Stevie Nicks may be recognized as one of the most iconic female singers in rock ‘n’ roll, but a new book focusing on the Fleetwood Mac vocalist is attempting to demystify the star. Stephen Davis, who recently published an unauthorized tell-all titled “Gold Dust Woman,” previously collaborated with Mick Fleetwood on his 1990 memoir titled “Fleetwood."
Davis tracked down numerous sources who worked with both the band and Nicks herself. All requested anonymity for baring all and some still work for her. Davis told Fox News one of the most surprising discoveries he uncovered was Nicks’ sheltered childhood before she skyrocketed to fame.
“Her father was a business executive and they moved all over the Southwest and West Coast when she was growing up,” he explained. “So she would change schools every 2-3 years. And her mother kept her at home.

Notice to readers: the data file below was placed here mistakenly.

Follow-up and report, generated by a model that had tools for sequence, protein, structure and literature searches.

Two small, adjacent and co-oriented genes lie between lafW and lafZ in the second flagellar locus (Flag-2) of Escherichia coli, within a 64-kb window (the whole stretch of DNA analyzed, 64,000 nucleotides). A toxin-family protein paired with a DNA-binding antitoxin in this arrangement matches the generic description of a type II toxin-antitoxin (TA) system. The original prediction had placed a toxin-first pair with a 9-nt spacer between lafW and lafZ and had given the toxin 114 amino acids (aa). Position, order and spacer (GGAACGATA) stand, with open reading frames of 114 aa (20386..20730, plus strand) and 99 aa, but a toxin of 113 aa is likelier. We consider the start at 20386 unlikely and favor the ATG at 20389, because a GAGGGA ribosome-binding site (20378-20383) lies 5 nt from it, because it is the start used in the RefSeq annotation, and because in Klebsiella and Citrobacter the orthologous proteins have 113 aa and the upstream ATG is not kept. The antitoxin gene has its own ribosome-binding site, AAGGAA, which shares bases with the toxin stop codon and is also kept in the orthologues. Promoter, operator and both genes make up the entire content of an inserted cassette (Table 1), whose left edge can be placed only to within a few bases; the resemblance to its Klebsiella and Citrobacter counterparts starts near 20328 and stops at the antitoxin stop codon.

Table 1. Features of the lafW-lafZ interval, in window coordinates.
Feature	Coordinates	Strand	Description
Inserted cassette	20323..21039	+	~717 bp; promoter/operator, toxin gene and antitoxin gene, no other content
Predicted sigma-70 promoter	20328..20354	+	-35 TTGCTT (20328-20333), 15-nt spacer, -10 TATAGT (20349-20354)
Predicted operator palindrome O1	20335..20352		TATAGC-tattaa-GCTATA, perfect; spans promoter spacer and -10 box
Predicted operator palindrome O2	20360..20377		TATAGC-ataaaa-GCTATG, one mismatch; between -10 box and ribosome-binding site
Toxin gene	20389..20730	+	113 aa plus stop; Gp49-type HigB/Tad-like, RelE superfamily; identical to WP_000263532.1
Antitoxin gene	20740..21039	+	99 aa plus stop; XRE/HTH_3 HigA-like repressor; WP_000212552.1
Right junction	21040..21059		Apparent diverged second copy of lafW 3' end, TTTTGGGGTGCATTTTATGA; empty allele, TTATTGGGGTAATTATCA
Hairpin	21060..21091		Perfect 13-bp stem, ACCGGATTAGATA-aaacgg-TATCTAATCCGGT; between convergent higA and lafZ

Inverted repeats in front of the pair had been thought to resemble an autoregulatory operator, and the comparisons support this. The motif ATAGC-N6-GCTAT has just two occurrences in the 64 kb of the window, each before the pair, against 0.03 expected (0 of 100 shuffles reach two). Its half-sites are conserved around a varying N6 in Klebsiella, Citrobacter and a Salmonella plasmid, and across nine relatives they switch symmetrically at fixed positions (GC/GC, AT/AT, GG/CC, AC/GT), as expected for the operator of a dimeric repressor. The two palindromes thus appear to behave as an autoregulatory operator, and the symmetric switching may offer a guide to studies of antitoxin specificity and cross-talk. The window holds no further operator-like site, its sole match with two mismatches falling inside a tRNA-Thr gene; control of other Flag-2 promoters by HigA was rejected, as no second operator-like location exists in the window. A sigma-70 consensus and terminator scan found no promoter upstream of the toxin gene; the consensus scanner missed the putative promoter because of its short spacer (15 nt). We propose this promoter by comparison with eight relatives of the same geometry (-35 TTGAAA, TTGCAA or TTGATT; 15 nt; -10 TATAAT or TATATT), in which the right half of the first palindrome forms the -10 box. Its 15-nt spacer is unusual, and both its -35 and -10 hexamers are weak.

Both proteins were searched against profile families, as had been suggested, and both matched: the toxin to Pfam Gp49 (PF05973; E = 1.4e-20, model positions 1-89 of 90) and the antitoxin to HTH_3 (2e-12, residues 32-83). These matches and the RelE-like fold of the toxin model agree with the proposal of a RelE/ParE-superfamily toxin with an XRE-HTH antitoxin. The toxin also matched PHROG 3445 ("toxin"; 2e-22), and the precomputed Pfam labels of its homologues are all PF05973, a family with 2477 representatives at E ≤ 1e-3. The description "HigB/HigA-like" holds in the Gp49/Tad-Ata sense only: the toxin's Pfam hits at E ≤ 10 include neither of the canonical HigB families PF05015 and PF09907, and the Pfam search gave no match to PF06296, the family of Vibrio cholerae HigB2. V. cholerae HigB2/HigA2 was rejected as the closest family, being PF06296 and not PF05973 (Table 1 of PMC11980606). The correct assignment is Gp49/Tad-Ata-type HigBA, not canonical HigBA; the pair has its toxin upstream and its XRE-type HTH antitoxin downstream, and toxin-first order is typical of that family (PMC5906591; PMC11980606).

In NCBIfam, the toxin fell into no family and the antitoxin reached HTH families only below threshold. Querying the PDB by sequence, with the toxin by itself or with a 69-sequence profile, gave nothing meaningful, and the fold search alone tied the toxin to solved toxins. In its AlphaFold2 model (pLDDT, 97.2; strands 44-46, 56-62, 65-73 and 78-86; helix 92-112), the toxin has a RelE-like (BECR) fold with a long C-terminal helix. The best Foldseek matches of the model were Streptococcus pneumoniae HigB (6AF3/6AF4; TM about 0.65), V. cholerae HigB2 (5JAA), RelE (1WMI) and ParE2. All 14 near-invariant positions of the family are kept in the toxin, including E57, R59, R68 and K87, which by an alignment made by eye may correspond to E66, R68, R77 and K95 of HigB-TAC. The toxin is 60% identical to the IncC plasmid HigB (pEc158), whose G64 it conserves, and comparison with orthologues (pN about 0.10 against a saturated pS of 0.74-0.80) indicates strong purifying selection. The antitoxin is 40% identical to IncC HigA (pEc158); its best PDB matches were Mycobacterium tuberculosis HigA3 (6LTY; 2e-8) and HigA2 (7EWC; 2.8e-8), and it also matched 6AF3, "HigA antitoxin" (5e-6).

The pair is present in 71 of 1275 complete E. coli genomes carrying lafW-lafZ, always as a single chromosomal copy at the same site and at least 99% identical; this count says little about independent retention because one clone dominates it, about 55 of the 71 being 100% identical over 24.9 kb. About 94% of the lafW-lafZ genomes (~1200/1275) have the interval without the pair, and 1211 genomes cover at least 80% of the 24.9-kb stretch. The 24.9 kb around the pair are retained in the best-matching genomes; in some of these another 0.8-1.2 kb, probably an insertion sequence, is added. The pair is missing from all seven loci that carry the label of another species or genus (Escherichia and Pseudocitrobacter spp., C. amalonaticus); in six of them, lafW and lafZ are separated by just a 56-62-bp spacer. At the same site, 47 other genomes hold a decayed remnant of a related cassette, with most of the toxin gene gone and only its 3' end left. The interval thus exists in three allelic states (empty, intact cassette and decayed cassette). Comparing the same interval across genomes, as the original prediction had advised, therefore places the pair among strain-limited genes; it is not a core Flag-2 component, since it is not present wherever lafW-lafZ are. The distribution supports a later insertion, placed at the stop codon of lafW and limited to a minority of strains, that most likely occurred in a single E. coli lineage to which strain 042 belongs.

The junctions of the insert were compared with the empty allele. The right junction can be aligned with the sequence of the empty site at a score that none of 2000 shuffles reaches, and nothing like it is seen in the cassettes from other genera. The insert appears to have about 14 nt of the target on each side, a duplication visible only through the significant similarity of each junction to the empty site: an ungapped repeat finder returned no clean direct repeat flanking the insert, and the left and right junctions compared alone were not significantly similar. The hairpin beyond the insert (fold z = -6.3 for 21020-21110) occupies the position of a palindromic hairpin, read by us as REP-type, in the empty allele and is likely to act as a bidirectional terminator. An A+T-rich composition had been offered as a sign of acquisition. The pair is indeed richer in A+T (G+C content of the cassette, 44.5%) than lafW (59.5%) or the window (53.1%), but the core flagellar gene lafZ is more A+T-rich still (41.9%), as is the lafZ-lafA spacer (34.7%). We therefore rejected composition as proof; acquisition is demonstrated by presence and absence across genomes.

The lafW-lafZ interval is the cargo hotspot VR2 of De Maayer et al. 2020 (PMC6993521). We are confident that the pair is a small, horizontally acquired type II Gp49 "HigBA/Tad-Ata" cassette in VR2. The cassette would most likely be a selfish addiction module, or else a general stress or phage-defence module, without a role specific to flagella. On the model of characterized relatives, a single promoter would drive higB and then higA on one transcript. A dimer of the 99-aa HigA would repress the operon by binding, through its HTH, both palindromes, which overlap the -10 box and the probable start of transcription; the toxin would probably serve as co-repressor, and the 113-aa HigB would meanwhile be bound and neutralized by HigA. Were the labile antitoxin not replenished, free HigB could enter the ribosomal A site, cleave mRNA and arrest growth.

"She took a lot of classes like ballet, tap dancing and acting, but mostly she stayed home and learned to play guitar, spent a lot of time in her room and wrote her first song when she was 16. And then she really didn’t have a steady boyfriend until she met Lindsey Buckingham at 19… So she had a much more sheltered childhood than most rockers seemed to have.”
When she left the family home, the Phoenix-born aspiring artist waited tables and cleaned people’s homes in Los Angeles for about five years. She reportedly showed up to audition for Fleetwood Mac wearing a waitress outfit.
Nicks failed to impress the group — at first.
“The band didn’t even really want to hire her,” claimed Davis. “Fleetwood Mac had been around for almost 10 years at that point. Their guitar player had to quit so Mick Fleetwood heard Lindsey Buckingham, who was Stevie’s boyfriend, playing the guitar, and tried to hire him to be the new guitarist for Fleetwood Mac.